Aisha Tyler: It’s great because in some ways this is happening on a ground level and popular culture just finally caught on. The thing that I love about it and I talk about on my podcast all the time is that the embrace of the nerd is really an embracing of authenticity. You know what I mean? The thing with nerds and the thing with me when I was a kid was at some point I realized I was never gonna be accepted and so I stopped trying. And there’s a freedom in that and that freedom is to be yourself and to stop trying to alter your behavior, your looks, the way you talk, your interests to get people to like you and when you can really fully embrace who you are however odd or misshapen, that’s when you fully inhabit your identity and it makes you, I think, braver and less needy. And so for me it sucked to be this kid that just would play alone all the time and would laugh through a compendium of sci-fi stories in a weekend, and would go to the library for fun on a Saturday and spend the whole day there looking at pathology picture books, or go to the movies at 11 in the morning. I would buy like a matinee ticket at 11 in the morning and stay at the theater all day by myself watching movies, playing video games in between movies, then seeing another movie. That was a big Saturday for me. But you know to me, that was my time to dream and it’s probably a part of why I’m in this business. And I feel like what that is, is that’s a celebration of individuality and a celebration of singularity and uniqueness. And so that’s why I love this, as false as it may be for a lot of people; like this idea of the rise of the nerd, I think it’s the idea of individuality and uniqueness is more important than fitting in and being a part of the crowd. So I love that part of it and it’s a terrible misappropriation of the whole concept of “it gets better” but it does get better. You know? And everything that made me sad as a kid made me tough as an adult.
Marvel.com: Now let’s talk about “Archer Vice.” You guys have kind of taken a bit of a 180 this season.
Aisha Tyler: Well you know Isis has always been in its own way an outsider organization. I wasn’t shocked when we found out they were gonna be disavowed by the government. They’ve always been a little bit of a janky operation [Laughs] but at the same time they’ve also been very good at what they do. It’s been really fun for me, because whenever people ask me to kind of describe the show I always say it’s kind of like James Bond meets “The Office.” It’s really an office workplace comedy and so what holds these people together isn’t espionage, it’s just their relationships with each other and their desperation and their kind of fringy aspect of the way that they move through society. So it’s been really fun. I mean they’ve always been completely unscrupulous and now we just know exactly how unscrupulous. But the fact that all bets are off this year and they’re trying to make money by selling cocaine is one of the biggest jokes of genius ever. And it’ll be really interesting to see if they try to come back in from the cold, what they try to do, if they try to go legitimate. It’s an amazing season and I think people are really going to love it right up to very last moment, which was pretty extraordinary.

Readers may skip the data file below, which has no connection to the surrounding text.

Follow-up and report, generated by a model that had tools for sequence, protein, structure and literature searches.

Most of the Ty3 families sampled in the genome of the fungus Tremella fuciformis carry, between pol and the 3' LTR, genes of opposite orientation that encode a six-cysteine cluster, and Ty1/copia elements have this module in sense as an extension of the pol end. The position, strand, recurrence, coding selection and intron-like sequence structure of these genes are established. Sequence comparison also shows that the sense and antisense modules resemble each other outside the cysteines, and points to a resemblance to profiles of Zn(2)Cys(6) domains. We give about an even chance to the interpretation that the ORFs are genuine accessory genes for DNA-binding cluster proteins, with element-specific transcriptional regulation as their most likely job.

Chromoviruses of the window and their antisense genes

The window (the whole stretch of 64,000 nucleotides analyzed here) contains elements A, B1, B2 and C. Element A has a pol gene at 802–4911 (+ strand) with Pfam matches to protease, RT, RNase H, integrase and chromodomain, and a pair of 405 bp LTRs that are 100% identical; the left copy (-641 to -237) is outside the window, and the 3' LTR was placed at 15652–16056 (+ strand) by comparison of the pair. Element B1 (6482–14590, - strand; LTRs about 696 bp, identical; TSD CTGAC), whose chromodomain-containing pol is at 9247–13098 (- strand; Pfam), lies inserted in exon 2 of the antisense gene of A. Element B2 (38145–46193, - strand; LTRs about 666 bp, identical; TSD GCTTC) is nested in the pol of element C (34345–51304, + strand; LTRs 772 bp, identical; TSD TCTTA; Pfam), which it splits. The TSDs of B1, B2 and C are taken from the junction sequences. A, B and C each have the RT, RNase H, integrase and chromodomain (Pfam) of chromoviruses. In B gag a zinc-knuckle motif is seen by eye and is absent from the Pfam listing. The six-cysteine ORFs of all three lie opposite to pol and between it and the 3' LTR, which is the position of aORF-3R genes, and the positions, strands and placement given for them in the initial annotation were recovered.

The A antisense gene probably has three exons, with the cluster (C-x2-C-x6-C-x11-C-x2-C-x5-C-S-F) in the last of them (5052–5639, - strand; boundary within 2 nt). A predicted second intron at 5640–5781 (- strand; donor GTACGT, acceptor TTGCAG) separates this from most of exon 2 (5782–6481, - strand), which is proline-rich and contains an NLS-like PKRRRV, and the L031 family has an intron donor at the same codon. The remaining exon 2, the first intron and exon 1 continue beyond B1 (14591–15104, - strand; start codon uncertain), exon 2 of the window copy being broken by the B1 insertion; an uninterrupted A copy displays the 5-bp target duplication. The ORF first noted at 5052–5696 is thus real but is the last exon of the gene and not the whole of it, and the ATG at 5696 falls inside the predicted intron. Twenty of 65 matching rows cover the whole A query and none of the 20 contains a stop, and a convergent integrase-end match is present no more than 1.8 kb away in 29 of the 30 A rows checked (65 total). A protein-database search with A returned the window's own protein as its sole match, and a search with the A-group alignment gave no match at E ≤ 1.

Marvel.com: I’ve asked the other cast members what they hope for with their character. For example, Amber Nash said she hopes Pam gets fat again. What do you hope to see from Lana in the future?
Aisha Tyler: Yeah, Pam is hotter when she’s fat. I agree with Amber. What do I hope from Lana? I mean, it’s really hard for me because I think Lana took a really grownup step to become a mother but I don’t want her to stop being a badass. So I’d like for her to find a way to continue being badass and also be a good mother. I happen to think those two things are at odds, so I think it’s gonna be really interesting to see her navigate. She’s gonna have to figure out how to have it all, which I think we finally discovered is impossible. So we’ll see, you don’t want her to be Malory [Archer]. You don’t want her to become that kind of a mother. It’s gonna be pretty interesting to see if she can stay in the field and duck live fire and also nurture her child, her impending child. So she’s screwed! I don’t know how she’s going to manage all this. I can barely make a lunch for myself in the morning. So I have no idea how she’s gonna manage that while also packing TEC-9s. But if anybody can do it she can do it.
Watch” Archer Vice” Mondays at 10pm EST on FX. Follow them on Twitter @ArcherFX and join in the conversation with #GoVice and #ArcherFX. You can also see Aisha on season two of “Whose Line Is It Anyway?” beginning March 21 on ABC and listen to her podcast Girl on Guy and pick up her new book “Self-Inflicted Wounds.” And for even more Aisha, you can visit her website and follow her on Twitter at @aishatyler.